Angela Lee, 43 from Atlanta, Georgia was diagnosed with a Pituitary Adenomas in July 2018. Emergency Room Travel Registered Nurse shares her brain tumour story and how she now is on a quest to learn more from the brain tumour experts: This includes The Pituitary Foundation, Endocrine.org and The National Brain Tumor Society so she can help spread awareness.
How did you find out about your diagnosis?
After celebrating our second wedding anniversary on July 3, my husband began telling me, something was wrong due to my mood swings and constantly being brief with him during a simple conversation.
I started observing my husband’s claim but still reluctant to accept it. I was over the age of 40 years old, an African American Female, so I thought my body was going through early menopause. Then I figured that maybe my recent Uterine Fibroid Embolization procedure in March 2018, may have manipulated something with my hormones.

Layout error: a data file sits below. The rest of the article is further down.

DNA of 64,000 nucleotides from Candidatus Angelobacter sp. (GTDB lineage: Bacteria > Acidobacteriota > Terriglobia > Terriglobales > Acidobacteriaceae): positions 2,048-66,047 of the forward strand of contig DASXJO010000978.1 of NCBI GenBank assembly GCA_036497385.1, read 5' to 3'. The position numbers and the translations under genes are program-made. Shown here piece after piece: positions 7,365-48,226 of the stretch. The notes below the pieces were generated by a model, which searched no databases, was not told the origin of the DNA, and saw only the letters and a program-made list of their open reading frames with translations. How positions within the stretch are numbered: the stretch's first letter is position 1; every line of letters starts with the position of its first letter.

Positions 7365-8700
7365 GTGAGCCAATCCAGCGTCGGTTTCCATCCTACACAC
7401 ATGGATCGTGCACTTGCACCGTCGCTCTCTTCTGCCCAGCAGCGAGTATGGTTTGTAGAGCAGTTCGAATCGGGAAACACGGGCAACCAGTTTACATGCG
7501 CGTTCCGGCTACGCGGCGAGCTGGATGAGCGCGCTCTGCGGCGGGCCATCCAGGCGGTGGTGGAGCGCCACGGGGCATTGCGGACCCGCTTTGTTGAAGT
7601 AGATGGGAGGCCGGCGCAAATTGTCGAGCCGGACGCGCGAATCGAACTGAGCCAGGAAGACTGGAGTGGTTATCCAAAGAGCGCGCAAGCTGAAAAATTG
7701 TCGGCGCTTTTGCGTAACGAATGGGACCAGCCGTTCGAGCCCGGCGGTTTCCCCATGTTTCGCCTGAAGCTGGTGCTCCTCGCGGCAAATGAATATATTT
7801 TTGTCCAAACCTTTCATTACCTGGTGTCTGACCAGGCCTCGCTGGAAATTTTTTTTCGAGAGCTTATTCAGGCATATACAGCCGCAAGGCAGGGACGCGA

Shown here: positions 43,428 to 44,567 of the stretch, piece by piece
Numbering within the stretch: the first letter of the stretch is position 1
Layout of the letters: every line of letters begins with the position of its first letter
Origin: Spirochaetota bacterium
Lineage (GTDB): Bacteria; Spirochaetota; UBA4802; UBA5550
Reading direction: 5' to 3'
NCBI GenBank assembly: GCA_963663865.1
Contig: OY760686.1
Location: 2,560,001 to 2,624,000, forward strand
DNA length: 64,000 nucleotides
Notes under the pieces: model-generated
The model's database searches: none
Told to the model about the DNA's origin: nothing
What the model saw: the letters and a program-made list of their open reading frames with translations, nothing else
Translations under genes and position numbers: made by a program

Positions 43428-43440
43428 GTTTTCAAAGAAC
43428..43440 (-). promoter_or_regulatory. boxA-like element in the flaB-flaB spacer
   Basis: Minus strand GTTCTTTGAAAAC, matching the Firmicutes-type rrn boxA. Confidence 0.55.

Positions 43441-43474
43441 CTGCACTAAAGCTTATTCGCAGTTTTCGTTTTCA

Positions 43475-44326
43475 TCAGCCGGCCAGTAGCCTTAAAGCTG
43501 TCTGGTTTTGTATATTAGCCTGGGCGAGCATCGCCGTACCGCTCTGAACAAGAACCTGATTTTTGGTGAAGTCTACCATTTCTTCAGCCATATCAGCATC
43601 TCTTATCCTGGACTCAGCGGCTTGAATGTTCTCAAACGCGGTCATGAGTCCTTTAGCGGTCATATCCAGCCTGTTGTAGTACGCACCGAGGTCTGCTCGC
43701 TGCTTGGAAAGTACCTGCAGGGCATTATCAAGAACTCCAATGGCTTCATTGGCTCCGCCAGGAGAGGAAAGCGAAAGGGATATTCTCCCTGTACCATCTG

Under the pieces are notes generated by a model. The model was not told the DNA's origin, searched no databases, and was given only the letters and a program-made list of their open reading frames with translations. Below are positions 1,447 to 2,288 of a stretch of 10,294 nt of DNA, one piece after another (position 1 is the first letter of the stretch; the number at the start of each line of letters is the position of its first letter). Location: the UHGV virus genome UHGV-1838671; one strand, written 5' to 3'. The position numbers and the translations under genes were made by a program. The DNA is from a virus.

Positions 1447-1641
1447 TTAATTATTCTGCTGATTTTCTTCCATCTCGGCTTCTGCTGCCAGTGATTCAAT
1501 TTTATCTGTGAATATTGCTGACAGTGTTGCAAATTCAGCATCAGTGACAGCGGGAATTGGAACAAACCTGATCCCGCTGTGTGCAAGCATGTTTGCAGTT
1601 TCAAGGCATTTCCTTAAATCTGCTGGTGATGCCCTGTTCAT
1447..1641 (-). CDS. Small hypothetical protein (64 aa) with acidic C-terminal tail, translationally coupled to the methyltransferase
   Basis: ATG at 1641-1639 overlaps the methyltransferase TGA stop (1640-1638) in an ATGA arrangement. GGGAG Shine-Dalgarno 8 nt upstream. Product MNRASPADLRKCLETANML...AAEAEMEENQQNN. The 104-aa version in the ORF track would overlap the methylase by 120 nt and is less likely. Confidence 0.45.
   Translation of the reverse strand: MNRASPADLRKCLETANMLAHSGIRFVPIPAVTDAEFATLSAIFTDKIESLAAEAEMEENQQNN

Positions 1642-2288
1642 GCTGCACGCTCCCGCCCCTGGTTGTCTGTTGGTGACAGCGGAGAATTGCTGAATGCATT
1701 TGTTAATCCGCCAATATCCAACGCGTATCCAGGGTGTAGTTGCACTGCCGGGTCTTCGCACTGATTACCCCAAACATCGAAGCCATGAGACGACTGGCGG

I made an appointment with a local family doctor that specializes in dysfunctional hormones. My abnormal lab work of T3, T4 diagnosed me with an underactive thyroid and extremely high prolactin level that required an MRI which confirmed my diagnosis of the pituitary adenomas.
My care was with a multidisciplinary team of physicians made up of my family doctor, neurologist and endocrinologist to achieve the best predictable outcome for my health condition.
“40 years old, an African American Female, so I thought my body was going through early menopause” – Angela Lee
What were your symptoms?
I had several symptoms prior to my Pituitary Adenomas diagnosis. For a year I didn’t have a menstrual cycle and had frequent excruciating headache, nausea, profusely sweating, hair loss, breast tenderness, insomnia, depression, mood swings with outburst crying episodes, low libido, lack of energy and unexplained weight gain.
How are you doing now?